The sentiment “this never would have happened if Steve Jobs was still alive” gets thrown around a lot these days. It is mostly nonsense, and a lot of the time the people saying it really have no idea what they are talking about. Most people that understand technology and Apple also understand that the modern day Apple has strengths and weaknesses just like the Jobs-era Apple had its’ strengths and weaknesses. However, there is one singular moment, since the death of Steve Jobs, that was so uncharacteristically bad, that the ‘never would’ve happened if Steve was here’ sentiment perfectly sums up the debacle.
And that one moment is the Apple Music presentation during WWDC 2015.
Jimmy Iovine had clearly not rehearsed enough, began rambling about nonsense, and also began slurring his words. It didn’t help when rapper Drake came up after Iovine and began rambling about some nonsense that was, at best, loosely related to the new music streaming service.
The streaming service itself was met with a great deal of criticism. The Verge called it “buggy, complicated, yet still destined for success”, while notorious Apple journalist Walt Mossberg, writing for Recode, said:
It’s also uncharacteristically complicated by Apple standards, with everything from a global terrestrial radio station to numerous suggested playlists for different purposes in different places. And the company offers very little guidance on how to navigate its many features. It will take time to learn it. And that’s not something you’re going to want to do if all you’re looking for is to lean back and listen.
Despite these shortcomings, Apple Music has been extremely successful. The service has reached over 13 million subscribers in its first year, while competitor Spotify has 30 million, however has been around over five years.
One of the main reasons users seem to stay at Spotify over Apple Music is Spotify’s student subscription. Users with .edu email addresses can use Spotify for just $4.99 a month in the US, a major discount sure to entice millions of customers. This has been a Spotify-exclusive deal for quite a while, until last week when Apple launched the same deal on Apple Music.
If you are a student with a .edu email, click on your profile in the ‘For You’ tab, view your Apple ID, and change your subscription. It’s that simple.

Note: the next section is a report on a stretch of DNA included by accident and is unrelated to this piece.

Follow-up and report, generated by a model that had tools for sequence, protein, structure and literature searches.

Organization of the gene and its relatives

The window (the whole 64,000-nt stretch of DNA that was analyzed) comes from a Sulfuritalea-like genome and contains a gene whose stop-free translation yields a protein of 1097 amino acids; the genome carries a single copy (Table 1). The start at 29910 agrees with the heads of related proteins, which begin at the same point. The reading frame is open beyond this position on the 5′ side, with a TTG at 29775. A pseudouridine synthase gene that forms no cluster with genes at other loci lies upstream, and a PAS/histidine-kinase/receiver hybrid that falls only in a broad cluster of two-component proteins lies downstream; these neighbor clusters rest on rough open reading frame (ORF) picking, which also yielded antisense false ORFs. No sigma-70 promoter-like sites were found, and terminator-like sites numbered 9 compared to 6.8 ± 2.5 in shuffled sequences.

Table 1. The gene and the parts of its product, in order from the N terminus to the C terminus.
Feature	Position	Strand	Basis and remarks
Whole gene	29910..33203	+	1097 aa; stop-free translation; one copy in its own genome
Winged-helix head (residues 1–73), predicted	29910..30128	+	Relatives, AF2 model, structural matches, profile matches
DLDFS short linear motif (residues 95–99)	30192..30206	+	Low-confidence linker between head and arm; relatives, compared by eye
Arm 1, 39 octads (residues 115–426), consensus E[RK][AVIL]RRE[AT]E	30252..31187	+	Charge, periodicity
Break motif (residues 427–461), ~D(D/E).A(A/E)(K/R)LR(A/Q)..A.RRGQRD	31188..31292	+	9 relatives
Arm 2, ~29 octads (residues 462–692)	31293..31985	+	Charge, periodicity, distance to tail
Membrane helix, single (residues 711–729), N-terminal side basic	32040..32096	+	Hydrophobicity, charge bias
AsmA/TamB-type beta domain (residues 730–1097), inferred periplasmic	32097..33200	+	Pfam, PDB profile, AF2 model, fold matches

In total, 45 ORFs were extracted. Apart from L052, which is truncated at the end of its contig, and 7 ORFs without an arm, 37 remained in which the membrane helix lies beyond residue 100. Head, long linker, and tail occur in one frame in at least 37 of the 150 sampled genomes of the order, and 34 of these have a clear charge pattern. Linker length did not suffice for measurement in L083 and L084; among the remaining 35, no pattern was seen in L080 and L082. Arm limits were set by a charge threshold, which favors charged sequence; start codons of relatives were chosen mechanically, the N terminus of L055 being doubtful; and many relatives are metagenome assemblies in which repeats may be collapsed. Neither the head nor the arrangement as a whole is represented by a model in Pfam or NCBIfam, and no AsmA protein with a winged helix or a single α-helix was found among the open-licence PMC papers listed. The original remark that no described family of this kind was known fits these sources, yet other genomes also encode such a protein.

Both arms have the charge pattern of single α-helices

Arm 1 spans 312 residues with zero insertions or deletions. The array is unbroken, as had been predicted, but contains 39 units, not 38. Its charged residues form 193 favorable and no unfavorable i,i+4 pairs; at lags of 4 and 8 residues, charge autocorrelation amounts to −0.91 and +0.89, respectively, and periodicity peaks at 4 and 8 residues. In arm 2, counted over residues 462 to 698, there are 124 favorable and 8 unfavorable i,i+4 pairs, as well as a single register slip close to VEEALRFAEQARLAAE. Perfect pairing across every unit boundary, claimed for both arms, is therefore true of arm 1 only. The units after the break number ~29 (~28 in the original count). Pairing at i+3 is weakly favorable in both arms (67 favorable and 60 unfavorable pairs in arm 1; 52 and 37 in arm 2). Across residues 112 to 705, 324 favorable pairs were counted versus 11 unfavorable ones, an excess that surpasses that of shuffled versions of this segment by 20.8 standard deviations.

Last week, the historically well sourced Mark Gurman at 9to5mac reported that Apple is planing a major overhaul of Apple Music at this years WWDC:
Nearly a year after Apple Music’s debut, Apple is preparing to announce its streaming music service’s first end-to-end overhaul, according to multiple sources familiar with the changes. The changes are expected to be shown off at Apple’s Worldwide Developers Conference in mid-June… the new version of Apple Music, which Apple recently announced has 13 million users so far, focuses on a redesigned user-interface, a few new functions, and reorganization as well as simplification of existing features.
The revamp is said to revolve around an all-new design, the main gripe users had with the original launch last year. In addition, the app will include changes to the ‘For You’ tab, and the possible integration of ‘connect’ into the tab. New features such as support for song lyrics and an updated Mac app are expected as well.
I often say “never buy a first-generation Apple product, because the second-generation is always the best”. While, yes, the original Apple Music had its issues, people still bought into it. And now, with Apple preparing a major relaunch with many of these issues fixed, it is likely users will begin flocking to the service, and begin using it over purchasing music.
Let’s just hope Jimmy Iovine doesn’t come on stage this time.
Binyamin has been writing about Apple and the tech sector as a whole for over five years.
His work has been featured on Forbes, MacWorld, Giga, MacLife, and more.
Additionally, Goldman is the Founder of BZG, a software development company focusing on Apple devices.
Currently a Senior Writer at AppleToolbox, Goldman has written for Updato and Inside Pulse and was a founding member of WatchAware and Mulling Apple.